Before she was born, Isla Mackintosh’s sister went missing in Glasgow. Now, Isla is retracing her sister’s steps to uncover the truth about her disappearance.
Isla is not an ordinary artist. Her portraits come to life, and her artistic vision bends reality… often in unexpected and twisted ways. As she searches for her sister, she finds herself compelled to draw a mysterious pagan demigod who’s been imprisoned by the bones of dead gods for thousands of years.
Don’t go into Red Thorn expecting a romance. This is more of a dark, mythological fantasy that tiptoes near the line of horror but never quite comes close enough in tone. There’s plenty of violence and nudity depicted on-page in the comic, as well.
Red Thorn brings to mind the episode of Writing Excuses that differentiates between Main Character, Protagonist, and Hero. Despite us being first introduced to Isla and seeing much of the plot through her eyes, the heart of the story is the demigod Thorn’s war to reclaim Scotland from the traitorous god that imprisoned him. So Isla is the main character and Thorn is the protagonist. And frankly, neither of them are heroes. It’s easy to empathize with them at the start, but their decisions make that increasingly difficult later on.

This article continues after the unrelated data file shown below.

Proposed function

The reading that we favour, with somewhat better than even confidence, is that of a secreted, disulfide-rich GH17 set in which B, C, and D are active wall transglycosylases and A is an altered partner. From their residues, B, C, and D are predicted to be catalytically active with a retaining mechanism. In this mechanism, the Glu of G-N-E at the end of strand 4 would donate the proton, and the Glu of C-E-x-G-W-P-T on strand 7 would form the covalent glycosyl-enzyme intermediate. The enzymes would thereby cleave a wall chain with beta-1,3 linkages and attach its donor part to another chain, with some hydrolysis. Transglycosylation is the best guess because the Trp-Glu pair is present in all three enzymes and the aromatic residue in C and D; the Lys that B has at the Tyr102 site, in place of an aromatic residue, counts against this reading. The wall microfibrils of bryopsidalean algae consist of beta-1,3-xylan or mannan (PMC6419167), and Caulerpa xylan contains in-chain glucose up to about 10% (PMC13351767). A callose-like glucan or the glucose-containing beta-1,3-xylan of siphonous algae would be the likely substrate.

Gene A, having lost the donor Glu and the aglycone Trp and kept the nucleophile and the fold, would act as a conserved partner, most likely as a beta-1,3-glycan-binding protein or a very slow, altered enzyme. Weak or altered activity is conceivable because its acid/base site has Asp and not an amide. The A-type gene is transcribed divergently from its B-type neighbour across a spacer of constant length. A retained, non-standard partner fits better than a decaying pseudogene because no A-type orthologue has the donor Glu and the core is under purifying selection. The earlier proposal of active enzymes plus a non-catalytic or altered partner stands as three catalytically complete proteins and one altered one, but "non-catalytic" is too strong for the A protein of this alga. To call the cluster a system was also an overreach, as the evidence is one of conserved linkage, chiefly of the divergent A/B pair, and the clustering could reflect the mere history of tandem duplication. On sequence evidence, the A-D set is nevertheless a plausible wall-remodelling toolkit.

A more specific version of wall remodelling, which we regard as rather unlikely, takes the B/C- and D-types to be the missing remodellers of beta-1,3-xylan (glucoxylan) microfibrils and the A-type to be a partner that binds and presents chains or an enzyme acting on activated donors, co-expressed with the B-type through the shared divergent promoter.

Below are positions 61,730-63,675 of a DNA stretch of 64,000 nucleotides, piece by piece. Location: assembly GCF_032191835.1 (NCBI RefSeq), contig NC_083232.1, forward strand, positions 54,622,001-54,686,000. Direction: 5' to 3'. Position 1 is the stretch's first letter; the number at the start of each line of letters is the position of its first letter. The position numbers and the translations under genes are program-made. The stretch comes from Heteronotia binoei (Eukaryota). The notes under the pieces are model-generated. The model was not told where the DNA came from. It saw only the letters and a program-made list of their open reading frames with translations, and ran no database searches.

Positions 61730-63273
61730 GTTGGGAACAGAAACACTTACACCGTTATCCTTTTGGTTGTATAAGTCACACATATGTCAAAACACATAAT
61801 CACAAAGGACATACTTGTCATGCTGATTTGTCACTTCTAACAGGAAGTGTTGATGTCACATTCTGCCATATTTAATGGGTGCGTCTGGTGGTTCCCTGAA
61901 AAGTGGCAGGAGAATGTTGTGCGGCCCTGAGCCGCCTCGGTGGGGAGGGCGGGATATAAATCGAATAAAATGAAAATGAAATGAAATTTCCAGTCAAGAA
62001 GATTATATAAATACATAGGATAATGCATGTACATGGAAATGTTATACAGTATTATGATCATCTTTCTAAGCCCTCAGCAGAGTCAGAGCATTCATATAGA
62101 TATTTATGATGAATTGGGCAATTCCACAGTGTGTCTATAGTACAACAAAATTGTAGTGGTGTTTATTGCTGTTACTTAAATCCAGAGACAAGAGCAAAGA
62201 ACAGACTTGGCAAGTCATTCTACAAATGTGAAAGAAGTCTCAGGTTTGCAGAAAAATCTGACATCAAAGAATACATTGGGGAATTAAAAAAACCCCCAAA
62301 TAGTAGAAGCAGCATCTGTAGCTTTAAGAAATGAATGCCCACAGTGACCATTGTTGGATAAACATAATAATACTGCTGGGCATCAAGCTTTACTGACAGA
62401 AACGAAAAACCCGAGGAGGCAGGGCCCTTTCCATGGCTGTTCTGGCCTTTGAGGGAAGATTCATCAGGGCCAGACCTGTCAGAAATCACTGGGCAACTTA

The main selling point for me is the world and its mythology. Baillie, a native Scot, draws on Scottish geography, culture, language, and legend to create a vividly immersive experience. Bloodthirsty redcaps, a seductively deadly Loch Ness monster, and abundant use of the Scottish flag and dialect drew me in and gave the story a unique flavor.
The entire story is completed within two volumes, making for a very self-contained plot that never feels like it drags. My one minor complaint was that the plot felt like it was riding the brink of expanding out of control toward the end, but I was satisfied with the conclusion.
I’d have preferred to connect more with the characters, but given the scope and length of the story I didn’t mind. Overall, this was a quick and enjoyable read, as well as what felt like a crash course in parts of Scottish mythology.